Q1 2014 Capital Markets Update

Last Updated: April 10, 2014

Stock and bond markets got off to a rocky start during the first quarter of 2014 over concerns that the Federal Reserve would tighten its monetary policy as Ben Bernanke finished his tenure and was succeeded by Janet Yellen. Markets pulled back following Yellen’s first public address, which hint that higher interest rates may come as soon as this year or next. Stock markets, with the exception of the Dow Jones Industrial Average, have since recovered most of their lost ground, ending the first quarter of 2014 in positive territory. Bond markets also ended the quarter in positive territory but remain volatile as the risk of higher interest rates is offset by a flight-to-safety, or increased appetite for safer assets, by investors concerned about increased geopolitical tension in Europe and Asia.
For the period ending March 31, 2014: The Dow Jones Industrial Average returned a negative 0.15% for the first quarter but remained a positive 15.66% for the most recent 12-month period. The broader S&P 500 Index posted gains of 1.81% for the quarter and 21.86% for the most recent 12 months. International stock markets gains during the quarter were smaller, reflecting concerns that the Fed’s tightening of monetary policy would hurt growth in international markets. The MSCI EAFE (Europe, Australasia, Far-East) Index posted a positive 0.66% return for the first quarter, and 17.56% for the 12-months ending March 31, 2014. Fixed income markets remained choppy during the first quarter as concerns about higher interest rates were offset by a shift to less risky assets as investor fears over geopolitical unrest in Europe and Asia increased. The broad-based Barclays U.S. Aggregate Bond Index returned 1.84% for the first quarter but returned a negative 0.10% for the year period ending March 31, 2014. Riskier bonds, as measured by the ML US High Yield Master II Index, had returns of 3.00% for the quarter and 7.57% for the most recent 12-month period. The more conservative US 10-year Treasury Bill index posted a return of 1.45% for the first quarter and negative 4.39% for the year period ending March 31, 2014. Tighter monetary policy by the Federal Reserve and slowing growth for corporations remain headwinds for the markets. Markets may experience additional volatility as companies report first quarter earnings results in the coming weeks and provide business outlooks for the remainder of the year. It is critical to have the appropriate mix of stock, bond, and cash investments based on time to retirement, risk tolerance, and return expectations. Investors should conduct regular reviews of portfolios to make sure that allocations haven’t gotten out of balance as a result of recent market movements. For example, the strength in the equity markets through last year may have resulted in portfolios that are overweight in stock-oriented investments and underweight in fixed income investments. As a result, it may be appropriate to sell part of the stock holdings and shift proceeds to fixed income investments to maintain the proper diversification for the client’s retirement. By diversifying across asset classes, investors have exposure to investments that provide growth, income, and preservation of capital (liquidity) through various economic cycles. Please contact Investment Services for additional information. PCI’s archived blog entries are dated, the rules and statutes referenced may have changed. The analysis or guidance within these blog entries may have become stale, dated, or no longer accurate. PCI will not update or change these entries to reflect the latest analysis or development.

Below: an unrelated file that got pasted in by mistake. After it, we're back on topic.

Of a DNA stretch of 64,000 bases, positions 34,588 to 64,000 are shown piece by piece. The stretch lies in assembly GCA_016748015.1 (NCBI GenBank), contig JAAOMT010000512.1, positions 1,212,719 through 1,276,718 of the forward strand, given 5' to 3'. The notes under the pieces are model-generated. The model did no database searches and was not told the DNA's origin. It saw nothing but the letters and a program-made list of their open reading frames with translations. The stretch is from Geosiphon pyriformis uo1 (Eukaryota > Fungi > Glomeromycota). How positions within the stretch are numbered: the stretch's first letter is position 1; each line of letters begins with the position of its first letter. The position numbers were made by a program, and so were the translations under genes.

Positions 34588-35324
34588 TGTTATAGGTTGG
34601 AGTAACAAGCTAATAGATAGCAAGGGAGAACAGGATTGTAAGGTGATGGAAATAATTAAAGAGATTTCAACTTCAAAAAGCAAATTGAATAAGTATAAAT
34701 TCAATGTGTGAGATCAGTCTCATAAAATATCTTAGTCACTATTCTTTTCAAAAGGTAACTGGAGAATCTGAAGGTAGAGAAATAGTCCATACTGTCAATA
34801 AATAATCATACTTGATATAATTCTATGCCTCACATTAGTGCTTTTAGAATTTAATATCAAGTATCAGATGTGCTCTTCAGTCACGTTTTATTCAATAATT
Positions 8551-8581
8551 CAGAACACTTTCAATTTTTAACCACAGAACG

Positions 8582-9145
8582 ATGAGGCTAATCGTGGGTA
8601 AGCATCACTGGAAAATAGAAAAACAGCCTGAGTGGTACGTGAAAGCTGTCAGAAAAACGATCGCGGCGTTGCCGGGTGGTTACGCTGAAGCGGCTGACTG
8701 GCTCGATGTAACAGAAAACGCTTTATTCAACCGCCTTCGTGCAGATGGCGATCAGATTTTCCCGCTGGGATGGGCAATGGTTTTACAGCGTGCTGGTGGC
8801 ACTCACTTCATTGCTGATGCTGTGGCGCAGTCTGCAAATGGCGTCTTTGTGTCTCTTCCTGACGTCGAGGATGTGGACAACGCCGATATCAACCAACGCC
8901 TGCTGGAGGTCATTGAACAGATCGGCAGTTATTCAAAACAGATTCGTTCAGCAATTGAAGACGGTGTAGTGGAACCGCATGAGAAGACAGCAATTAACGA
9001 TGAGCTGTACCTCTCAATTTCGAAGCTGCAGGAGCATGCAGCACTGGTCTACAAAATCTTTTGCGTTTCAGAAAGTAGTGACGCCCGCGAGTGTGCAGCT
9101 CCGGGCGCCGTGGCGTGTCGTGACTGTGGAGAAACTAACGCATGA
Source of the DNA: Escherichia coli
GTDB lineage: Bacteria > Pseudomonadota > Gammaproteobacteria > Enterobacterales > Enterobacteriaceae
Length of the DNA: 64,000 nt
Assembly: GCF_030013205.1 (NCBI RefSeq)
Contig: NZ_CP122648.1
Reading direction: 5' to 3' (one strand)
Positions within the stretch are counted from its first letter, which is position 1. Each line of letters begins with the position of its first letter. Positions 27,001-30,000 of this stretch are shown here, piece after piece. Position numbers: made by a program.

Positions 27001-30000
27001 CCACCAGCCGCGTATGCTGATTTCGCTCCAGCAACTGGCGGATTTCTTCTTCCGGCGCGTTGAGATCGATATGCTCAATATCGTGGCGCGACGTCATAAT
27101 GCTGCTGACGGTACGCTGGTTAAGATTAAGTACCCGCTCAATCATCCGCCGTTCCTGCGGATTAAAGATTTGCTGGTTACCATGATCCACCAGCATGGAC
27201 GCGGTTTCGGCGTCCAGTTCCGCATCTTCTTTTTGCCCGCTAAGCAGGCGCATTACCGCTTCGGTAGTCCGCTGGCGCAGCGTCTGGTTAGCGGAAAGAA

Pension Consultants, Inc.



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